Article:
Family Violence and Physical Assault Regulations

Provisions relating to family violence and physical assault are in force. Regulations to support these changes were finalised on 1 December 2022 and came into effect on 29 December 2022.

These regulations enable:
• tenants to withdraw from a tenancy by giving at least 2 days’ written notice to a landlord where a tenant has been subjected to family violence - while a tenant
• landlords to terminate a tenancy with 14 days’ written notice where the tenant physically assaults the landlord, the owner, a member of the landlord’s or owners' family, or the landlord's agent.

Family Violence Regulations

If a tenant has been subjected to family violence, they can provide their landlord with at least two days written notice accompanied by qualifying evidence to withdraw from their tenancy.
Qualifying evidence of family violence can be:
• a statutory declaration from the withdrawing tenant
• a copy of the first page of a Protection Order
• a copy of a Police Safety Order
• a copy of a charging document relating to family violence against the withdrawing tenant or
• a written statement (such as a letter or email) or statutory declaration from a person specified as able to provide evidence of family violence.

These documents must have been issued or completed during the withdrawing tenant’s current tenancy to be used as evidence. Protection Orders issued earlier than this are also permitted if the withdrawing tenant also provides a written statement that they have
been a victim of family violence while in their current tenancy.

When there are other tenants
If there are remaining tenants, the tenancy continues. The withdrawing tenant must give notice of the withdrawal to the other tenants no later than 2 days after their withdrawal from the tenancy. This does not have to be done in person, and no evidence of family violence or other information needs to be shared. A failure to notify any remaining tenants does not invalidate the withdrawal notice.

The amount of rent for which the remaining tenants are liable is reduced for 14 days following the withdrawal. This is based on the number of tenants at the property. After 14 days, the rent will return to the normal rent payable, as per the tenancy agreement. Only the tenants, landlord or property manager will receive the statement or declaration, which they must keep confidential and can only disclose in very limited circumstances. A landlord may not challenge whether the family violence did or did not take place. If the documents are not completed properly or are not completed by a prescribed person, the landlord can challenge the notice by filing an application in the Tenancy Tribunal.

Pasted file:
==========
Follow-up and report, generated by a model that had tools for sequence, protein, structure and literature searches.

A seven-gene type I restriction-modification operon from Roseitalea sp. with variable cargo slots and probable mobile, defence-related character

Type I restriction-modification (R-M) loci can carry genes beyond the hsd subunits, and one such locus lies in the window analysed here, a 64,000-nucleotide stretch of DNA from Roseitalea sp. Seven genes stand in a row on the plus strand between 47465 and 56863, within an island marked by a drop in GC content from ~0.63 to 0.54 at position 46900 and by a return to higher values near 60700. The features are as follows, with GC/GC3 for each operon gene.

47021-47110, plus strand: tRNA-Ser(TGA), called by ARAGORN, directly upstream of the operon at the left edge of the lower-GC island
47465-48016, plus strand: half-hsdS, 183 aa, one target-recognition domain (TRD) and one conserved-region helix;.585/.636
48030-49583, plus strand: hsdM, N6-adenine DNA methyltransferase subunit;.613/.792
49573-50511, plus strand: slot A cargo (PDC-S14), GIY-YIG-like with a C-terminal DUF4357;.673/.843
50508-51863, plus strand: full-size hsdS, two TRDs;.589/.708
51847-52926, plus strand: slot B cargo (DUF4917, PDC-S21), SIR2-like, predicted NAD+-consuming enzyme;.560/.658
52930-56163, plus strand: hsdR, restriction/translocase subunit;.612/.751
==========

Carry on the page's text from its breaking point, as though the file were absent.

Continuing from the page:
Physical Assault Regulations
If a landlord, owner or property manager has been physically assaulted by a tenant, or a member of their family has, they can end the tenancy with at least 14 days written notice accompanied by qualifying evidence. Evidence can be in the form of a Police charging document in respect of the physical assault or a letter from Police that a charge has been filed in relation to the physical assault by the named tenant.

The landlord does not need to apply to the Tenancy Tribunal to end the tenancy, but they must give written notice that includes certain information and at least one form of evidence of the physical assault. When issuing the notice, the landlord must also advise the tenant in the notice that they have the right to challenge the notice through the Tenancy Tribunal. If a tenant challenges the notice of termination, the tenancy remains in place until the Tenancy Tribunal arrives at a decision.

What is physical assault?
Physical assault is defined as the act of intentionally applying force to the person of another, directly or indirectly.

Other actions a landlord can take
A landlord can apply to the Tenancy Tribunal to end a tenancy if the tenant has caused or threatened to cause substantial damage to the property or assaulted or threatened to assault certain people. These reasons also apply if the tenant causes or permits another person to do the same, for example an associate or family member. This type of application would be treated as an urgent application by the Tenancy Tribunal.

In addition, if a breach of a tenancy is incapable of remedy and is of such an extent that it would be inequitable to refuse to make an order terminating the tenancy, the Tenancy Tribunal may make an order to terminate the tenancy.